ADDRESSES SECULARISM IN
PARIS – In his first visit to France as pope on Friday, Benedict XVI touched on central themes of his papacy – the tensions between faith and reason and church and state, as well as his efforts to reach out to Muslims and Jews – and urged an increasingly irreligious Europe to look back to its intellectual roots in Christian monastic culture.
Roman Catholics make up about 60 percent of the French population of 65 million. But fewer than 10 percent of French Catholics say they attend Mass regularly.
“At this moment in history, when cultures continue to cross paths more frequently, I am firmly convinced that a new reflection on the true meaning and importance of secularism is now necessary,” the pope said at a ceremony earlier Friday with President Nicolas Sarkozy at the Elysee Palace. He used the word “laicite” which denotes separation of church and state.
But the pope proposed a “distinction between the political realm and that of religion in order to preserve both the religious freedom of citizens and the responsibility of the state toward them.” He distinguished the state’s legislative and social duties from religion’s role “for the formation of conscience” and the “creation of a basic ethical consensus in society.”
The pope is visiting France almost exactly two years after he made a speech in Regansburg, Germany, in which he angered many Muslims by quoting a 14 century Byzantine emperor as saying that the Prophet Muhammad brought “things only evil and inhuman, such as his command to spread by the sword the faith he preached.”
“That’s the past,” said Mohammed Moussaoui, the
Meeting privately with French Jews on Friday, the pope spoke vehemently about the church’s opposition to “every form of anti-Semitism which can never be theologically justified,” according to a transcript of his remarks.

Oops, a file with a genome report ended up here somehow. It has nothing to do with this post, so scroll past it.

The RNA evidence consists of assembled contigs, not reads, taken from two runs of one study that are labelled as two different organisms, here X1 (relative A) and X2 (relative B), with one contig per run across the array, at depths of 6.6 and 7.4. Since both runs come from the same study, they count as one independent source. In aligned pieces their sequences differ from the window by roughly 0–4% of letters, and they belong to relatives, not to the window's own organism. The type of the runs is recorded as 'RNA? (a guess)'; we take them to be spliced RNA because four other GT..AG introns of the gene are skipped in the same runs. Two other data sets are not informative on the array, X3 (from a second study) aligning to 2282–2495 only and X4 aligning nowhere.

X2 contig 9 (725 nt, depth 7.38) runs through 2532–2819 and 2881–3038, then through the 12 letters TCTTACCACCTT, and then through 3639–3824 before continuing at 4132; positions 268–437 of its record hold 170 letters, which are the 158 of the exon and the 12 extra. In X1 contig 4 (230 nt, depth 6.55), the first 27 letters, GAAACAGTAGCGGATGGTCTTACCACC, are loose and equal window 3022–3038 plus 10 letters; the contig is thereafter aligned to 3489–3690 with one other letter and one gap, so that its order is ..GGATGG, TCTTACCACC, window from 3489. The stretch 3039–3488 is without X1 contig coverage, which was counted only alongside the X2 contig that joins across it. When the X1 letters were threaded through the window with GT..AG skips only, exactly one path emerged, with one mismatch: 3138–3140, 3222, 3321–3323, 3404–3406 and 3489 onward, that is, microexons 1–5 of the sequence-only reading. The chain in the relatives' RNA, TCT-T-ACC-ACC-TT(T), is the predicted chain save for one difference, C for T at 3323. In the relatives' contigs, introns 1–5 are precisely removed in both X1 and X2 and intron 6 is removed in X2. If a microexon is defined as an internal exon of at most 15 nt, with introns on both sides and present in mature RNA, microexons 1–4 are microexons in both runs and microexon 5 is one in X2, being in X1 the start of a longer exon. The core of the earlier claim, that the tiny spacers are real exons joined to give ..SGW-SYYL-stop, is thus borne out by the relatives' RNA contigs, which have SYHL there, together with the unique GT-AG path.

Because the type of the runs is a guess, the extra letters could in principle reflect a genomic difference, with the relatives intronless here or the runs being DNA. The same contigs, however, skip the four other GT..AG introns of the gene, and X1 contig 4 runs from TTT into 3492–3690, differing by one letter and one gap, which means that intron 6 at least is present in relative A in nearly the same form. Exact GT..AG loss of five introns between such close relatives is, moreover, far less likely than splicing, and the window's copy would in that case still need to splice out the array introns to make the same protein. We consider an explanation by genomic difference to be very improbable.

Speaking before the pope at the
XVI URGES REDEFINING STATE-CHURCH DIVIDE IN
In his speech to the bishops, the pope also
amplified his call for a redefinition of “laicite” the
divide between church and state, that he first raised at a visit to the
“The social and political presuppositions of past mistrust or even hostility are gradually disappearing, “the pope said. But, he added, “The church does not claim the prerogative of the state.”
ISSUE STATEMENT United Nations Secretary General Ban Ki Moon, at the Alliance of Civilizations Madrid Forum said; “Never in our lifetime has there been a more desperate need for constructive and committed dialogue, among individuals, among communities, among cultures, among and between nations.” A writer in another setting has said, “The warning signs are clear: unless we establish genuine dialogue within and among all kinds of belief, ranging from religious fundamentalism to secular dogmatism, the conflicts of the future will probably be even more deadly.”
Genuine dialogue in
Inter-religious, inter-cultural dialogue need to understand international human rights standards on freedom of religion or belief may be the best way to protect religious and non-religious core beliefs, principles, national histories and local cultures. The goal to eliminate all forms of intolerance and discrimination based on religion or belief is slowly becoming a reality, practical and necessary, under international human rights law.
In 1968 the United Nations deferred work on an International Convention on the Elimination of all Forms of Religious Intolerance, because of its apparent complexity and sensitivity. In the twenty-first century, a dramatic increase of intolerance and discrimination on grounds of religion or belief is motivating a worldwide search to find solutions to these problems. This is a challenge calling for enhanced dialogue by States and others; including consideration of an International Convention on Freedom of Religion or Belief for protection of and accountability by all religions or beliefs.